The RFA Mounts Bay, two cutters and a helicopter are heading to the Aegean Sea
Their goal, Cameron says, is "to break the business model" of smugglers
Leaders are set to discuss the migration crisis at an EU-Turkey summit
The British military is deploying boats and a helicopter to the Aegean Sea as part of stepped up NATO efforts to stop smugglers and stem the flow of migrants heading to Europe.
The move comes as leaders are set to meet at an EU-Turkey summit in Brussels on Monday to discuss the region’s migration crisis.
“We’ve got to break the business model of the criminal smugglers and stop the desperate flow of people crammed into makeshift vessels from embarking on a fruitless and perilous journey,” British Prime Minister David Cameron said in a statement announcing the deployment of the RFA Mounts Bay, two cutters and a Wildcat helicopter.
The vessels will participate in an operation “that aims to reduce the flow of migrants from Turkey to Europe” by spotting smugglers and sharing information with the Turkish coast guard, the statement said.
The Aegean, a stretch of the Mediterranean separating Turkey and Greece, is the main route used by traffickers bringing migrants into Europe.
On Sunday, NATO announced it was expanding its mission in the Aegean Sea to include Greek and Turkish territorial waters.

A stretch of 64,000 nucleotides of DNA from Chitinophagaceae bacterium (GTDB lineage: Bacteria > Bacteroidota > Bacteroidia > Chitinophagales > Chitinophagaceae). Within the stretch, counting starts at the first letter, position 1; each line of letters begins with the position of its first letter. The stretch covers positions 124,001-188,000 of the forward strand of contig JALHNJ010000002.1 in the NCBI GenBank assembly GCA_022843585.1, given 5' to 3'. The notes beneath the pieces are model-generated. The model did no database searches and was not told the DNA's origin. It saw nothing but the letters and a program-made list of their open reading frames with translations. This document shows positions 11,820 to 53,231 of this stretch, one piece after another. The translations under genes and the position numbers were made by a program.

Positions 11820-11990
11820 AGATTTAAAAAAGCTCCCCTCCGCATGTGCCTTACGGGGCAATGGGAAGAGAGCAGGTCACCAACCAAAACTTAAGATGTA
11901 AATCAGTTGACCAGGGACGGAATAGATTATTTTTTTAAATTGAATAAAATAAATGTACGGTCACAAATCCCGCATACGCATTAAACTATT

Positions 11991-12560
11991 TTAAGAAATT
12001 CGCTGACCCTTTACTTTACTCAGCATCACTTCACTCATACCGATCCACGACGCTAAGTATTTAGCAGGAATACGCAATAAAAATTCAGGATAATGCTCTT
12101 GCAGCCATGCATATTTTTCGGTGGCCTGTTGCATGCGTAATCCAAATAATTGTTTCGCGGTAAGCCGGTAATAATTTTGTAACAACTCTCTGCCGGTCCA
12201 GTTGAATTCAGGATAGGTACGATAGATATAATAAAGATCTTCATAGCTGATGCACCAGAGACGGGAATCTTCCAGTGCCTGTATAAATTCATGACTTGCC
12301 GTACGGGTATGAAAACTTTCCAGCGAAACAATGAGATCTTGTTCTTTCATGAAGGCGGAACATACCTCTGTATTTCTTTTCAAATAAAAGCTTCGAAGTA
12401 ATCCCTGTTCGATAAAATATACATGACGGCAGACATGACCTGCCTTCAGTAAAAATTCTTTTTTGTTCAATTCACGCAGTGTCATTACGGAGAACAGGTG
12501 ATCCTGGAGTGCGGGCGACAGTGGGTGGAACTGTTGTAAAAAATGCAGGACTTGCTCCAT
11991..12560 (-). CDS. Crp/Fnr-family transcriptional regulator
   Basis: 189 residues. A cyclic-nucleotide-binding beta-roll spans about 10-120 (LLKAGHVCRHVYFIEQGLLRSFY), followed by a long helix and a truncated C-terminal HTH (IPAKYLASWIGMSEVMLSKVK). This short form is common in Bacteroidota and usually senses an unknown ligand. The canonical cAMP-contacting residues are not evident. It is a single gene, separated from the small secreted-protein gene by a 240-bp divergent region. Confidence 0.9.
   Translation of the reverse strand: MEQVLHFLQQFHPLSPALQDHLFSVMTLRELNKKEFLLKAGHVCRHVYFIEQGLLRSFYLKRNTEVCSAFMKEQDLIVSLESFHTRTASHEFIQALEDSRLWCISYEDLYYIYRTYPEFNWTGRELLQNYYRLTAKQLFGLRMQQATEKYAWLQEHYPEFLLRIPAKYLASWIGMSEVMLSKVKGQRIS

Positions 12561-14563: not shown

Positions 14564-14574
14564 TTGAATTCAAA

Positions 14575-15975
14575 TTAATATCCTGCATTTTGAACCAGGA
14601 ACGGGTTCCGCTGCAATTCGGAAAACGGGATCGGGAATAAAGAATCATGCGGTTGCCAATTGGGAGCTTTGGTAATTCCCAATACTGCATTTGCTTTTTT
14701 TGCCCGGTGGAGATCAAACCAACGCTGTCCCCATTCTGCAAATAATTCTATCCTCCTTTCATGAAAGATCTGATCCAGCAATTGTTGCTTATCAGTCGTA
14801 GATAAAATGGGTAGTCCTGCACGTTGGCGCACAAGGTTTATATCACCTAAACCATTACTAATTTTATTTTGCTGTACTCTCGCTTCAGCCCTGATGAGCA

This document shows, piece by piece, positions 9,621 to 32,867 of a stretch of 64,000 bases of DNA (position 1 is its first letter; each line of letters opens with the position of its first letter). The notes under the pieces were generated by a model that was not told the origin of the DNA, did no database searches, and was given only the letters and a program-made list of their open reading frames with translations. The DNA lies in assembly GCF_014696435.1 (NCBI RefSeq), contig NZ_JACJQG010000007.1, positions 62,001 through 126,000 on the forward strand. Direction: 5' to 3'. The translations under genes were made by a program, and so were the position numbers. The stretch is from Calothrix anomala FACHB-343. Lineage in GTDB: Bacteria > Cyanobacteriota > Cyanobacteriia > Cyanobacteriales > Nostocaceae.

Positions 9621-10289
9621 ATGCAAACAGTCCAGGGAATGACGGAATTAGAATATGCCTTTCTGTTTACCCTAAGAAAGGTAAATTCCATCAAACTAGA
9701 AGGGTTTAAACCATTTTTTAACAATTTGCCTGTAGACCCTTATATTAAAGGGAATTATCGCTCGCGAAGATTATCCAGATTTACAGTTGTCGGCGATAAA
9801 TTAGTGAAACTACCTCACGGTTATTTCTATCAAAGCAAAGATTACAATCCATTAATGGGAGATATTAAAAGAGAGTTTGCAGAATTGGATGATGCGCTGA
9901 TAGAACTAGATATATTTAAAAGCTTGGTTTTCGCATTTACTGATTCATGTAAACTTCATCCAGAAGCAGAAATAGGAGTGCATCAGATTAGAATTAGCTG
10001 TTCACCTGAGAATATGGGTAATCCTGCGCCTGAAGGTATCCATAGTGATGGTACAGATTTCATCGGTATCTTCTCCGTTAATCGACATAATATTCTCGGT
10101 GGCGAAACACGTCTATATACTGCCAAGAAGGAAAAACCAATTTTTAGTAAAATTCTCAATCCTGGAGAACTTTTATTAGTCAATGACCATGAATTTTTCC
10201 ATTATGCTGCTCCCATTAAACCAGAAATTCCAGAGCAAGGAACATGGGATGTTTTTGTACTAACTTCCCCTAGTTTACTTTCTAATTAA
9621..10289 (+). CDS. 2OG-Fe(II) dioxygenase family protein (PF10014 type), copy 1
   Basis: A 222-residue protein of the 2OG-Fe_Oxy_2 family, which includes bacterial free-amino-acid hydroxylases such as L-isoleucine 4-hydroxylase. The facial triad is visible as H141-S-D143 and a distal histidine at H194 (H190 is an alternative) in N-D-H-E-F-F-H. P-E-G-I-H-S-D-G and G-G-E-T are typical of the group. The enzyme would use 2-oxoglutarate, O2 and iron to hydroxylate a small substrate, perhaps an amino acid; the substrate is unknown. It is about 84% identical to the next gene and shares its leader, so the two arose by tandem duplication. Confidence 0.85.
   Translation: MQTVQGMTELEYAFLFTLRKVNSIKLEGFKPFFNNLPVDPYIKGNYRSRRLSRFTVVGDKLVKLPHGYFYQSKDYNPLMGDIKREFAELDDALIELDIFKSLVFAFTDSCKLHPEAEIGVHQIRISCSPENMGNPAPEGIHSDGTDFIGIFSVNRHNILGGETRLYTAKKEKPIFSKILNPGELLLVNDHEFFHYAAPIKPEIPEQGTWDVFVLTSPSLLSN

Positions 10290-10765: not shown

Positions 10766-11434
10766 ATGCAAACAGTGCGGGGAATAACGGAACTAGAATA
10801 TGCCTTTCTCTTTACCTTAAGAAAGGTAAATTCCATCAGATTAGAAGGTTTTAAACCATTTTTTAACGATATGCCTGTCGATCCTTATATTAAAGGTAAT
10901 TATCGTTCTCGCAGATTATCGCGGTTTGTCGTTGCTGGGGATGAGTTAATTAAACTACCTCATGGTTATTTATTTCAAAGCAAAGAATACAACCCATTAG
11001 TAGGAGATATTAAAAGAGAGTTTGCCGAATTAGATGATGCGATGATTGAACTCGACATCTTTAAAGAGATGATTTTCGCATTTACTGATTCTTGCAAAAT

“The purpose of NATO’s deployment is not to stop or push back migrant boats, but to help our allies Greece and Turkey, as well as the European Union, in their efforts to tackle human trafficking and the criminal networks that are fueling this crisis,” NATO Secretary-General Jens Stoltenberg said in a statement.
Europe is struggling to respond to a massive influx of migrants. A record 1.2 million people registered for asylum in the European Union in 2015, more than double the number of the previous year, the EU’s statistics agency Eurostat said last week.
Syrians, Afghans and Iraqis accounted for more than half of the first-time applicants, Eurostat said.
The International Organization for Migration estimates that 134,905 migrants have crossed the Mediterranean Sea to Europe so far this year. The organization estimates that more than 400 have died making the dangerous journey.
Last month, ministers from countries along the main Balkan migration route through Europe – Austria, Slovenia, Croatia, Serbia and Macedonia – agreed to tighten border controls to slow arrivals to a trickle.
European Council President Donald Tusk said last week that consensus is emerging about how to handle the crisis.
Some human rights groups, including Amnesty International, have criticized the approach European leaders are taking.
“EU efforts to address the refugee crisis have focused on ensuring that refugees and asylum-seekers remain in Turkey, instead of sharing the responsibility for their protection and assistance,” the organization said in statement last week.
On Monday, Cameron described the migration crisis as “the greatest challenge facing Europe today.”
“That’s why this NATO mission is so important,” he said. “It’s an opportunity to stop the smugglers and send out a clear message to migrants contemplating journeys to Europe that they will be turned back. That’s why the UK is providing vital military assets to work with our European partners and support this mission.”
The Mounts Bay will join ships from Canada, Germany, Turkey and Greece as part of the NATO mission, the British government said.
CNN’s Dakota Flournoy, Vasco Cotovio, Susannah Cullinane, Tim Hume and Margot Haddad contributed to this report.